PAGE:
It is therefore with sadness and sincere regret that I am resigning from the Labour Party.
I pray that my brothers and sisters within our Labour family will understand my decision.
Margaret Aspinall, chair of the Hillsborough Family Support Group, said Ed Miliband's action of posing with The Sun was a "stupid thing to do".
Miliband apologised after being criticised for failing to take account of continuing fury over the tabloid's coverage of the Hillsborough disaster.
But his apology comes "a bit late", she added.
Mrs Aspinall, attending the inquest into the death of her son James at the Hillsborough inquests in Warrington, said: "Common sense should have prevailed.
"I can't understand the insensitivity of what they have done, they didn't show any common sense.
"They know the families have got enough to get through right now, they know the feelings of the people, not just in Liverpool, it has spread everywhere.
"At this moment in time, it was a stupid thing to do. You have got to think about all the people it affected."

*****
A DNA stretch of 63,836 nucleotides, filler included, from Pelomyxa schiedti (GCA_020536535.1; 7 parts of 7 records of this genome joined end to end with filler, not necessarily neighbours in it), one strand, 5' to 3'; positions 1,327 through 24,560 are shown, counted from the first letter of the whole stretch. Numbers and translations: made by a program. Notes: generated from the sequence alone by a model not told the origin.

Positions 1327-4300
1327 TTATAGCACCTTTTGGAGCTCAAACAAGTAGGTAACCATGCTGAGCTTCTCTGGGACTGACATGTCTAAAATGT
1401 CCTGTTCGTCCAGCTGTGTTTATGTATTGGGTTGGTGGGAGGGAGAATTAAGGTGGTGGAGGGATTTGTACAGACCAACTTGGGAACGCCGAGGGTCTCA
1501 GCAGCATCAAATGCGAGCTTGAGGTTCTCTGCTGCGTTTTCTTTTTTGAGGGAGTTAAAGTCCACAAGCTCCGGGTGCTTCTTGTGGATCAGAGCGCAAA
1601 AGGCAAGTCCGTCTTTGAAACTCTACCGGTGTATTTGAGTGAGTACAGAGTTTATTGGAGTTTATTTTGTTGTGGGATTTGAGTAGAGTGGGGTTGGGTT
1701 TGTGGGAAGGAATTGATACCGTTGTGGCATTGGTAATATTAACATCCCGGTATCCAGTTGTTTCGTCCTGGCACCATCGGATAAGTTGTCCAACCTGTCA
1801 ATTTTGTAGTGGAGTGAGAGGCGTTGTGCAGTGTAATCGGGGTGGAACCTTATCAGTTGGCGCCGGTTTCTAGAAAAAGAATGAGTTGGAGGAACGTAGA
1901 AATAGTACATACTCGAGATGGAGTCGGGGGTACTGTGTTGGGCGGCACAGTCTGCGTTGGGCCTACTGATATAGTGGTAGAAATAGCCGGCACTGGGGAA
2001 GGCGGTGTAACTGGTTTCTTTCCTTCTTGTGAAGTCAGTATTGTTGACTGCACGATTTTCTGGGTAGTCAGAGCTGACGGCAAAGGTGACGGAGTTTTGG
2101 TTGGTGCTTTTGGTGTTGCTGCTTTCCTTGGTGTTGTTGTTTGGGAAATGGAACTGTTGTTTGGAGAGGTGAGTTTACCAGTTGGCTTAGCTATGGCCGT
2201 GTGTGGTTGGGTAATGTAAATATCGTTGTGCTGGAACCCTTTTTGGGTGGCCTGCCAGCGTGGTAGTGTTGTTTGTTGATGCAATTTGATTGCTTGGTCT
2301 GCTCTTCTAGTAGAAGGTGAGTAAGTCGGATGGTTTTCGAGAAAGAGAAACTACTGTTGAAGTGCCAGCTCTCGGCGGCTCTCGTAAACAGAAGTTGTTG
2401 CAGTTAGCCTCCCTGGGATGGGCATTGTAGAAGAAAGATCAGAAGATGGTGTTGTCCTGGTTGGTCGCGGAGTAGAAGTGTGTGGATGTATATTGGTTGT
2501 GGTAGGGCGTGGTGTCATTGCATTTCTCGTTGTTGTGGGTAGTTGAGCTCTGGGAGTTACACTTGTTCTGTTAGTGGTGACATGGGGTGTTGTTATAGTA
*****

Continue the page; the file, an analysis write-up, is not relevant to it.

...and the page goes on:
Ed Miliband has apologised after posing with a copy of The Sun, distributed for free in Liverpool to mark the start of the World Cup.
Labour figures in the city expressed anger at his action for failing to take account of continuing fury over the tabloid's coverage of the Hillsborough disaster.
"Ed Miliband was promoting England's bid to win the World Cup and is proud to do so," a spokesman for the party leader said.
"But he understands the anger that is felt towards The Sun over Hillsborough by many people and he is sorry to those who feel offended."
Edits made to the Hillsborough disaster page on Wikipedia have been described as an "absolute insult to victims and their families".
Margaret Aspinall, mother of one of the victims said: "It's an absolute insult to the families who are fighting for where we are today and it has to be investigated".
Sheila Coleman from the Hillsborough Justice Campaign added that the distress was compounded by the timing of the revelations.
"That this happens now when the families are immersed in the inquest procedure goes to the heart of why should they trust the establishment," she said.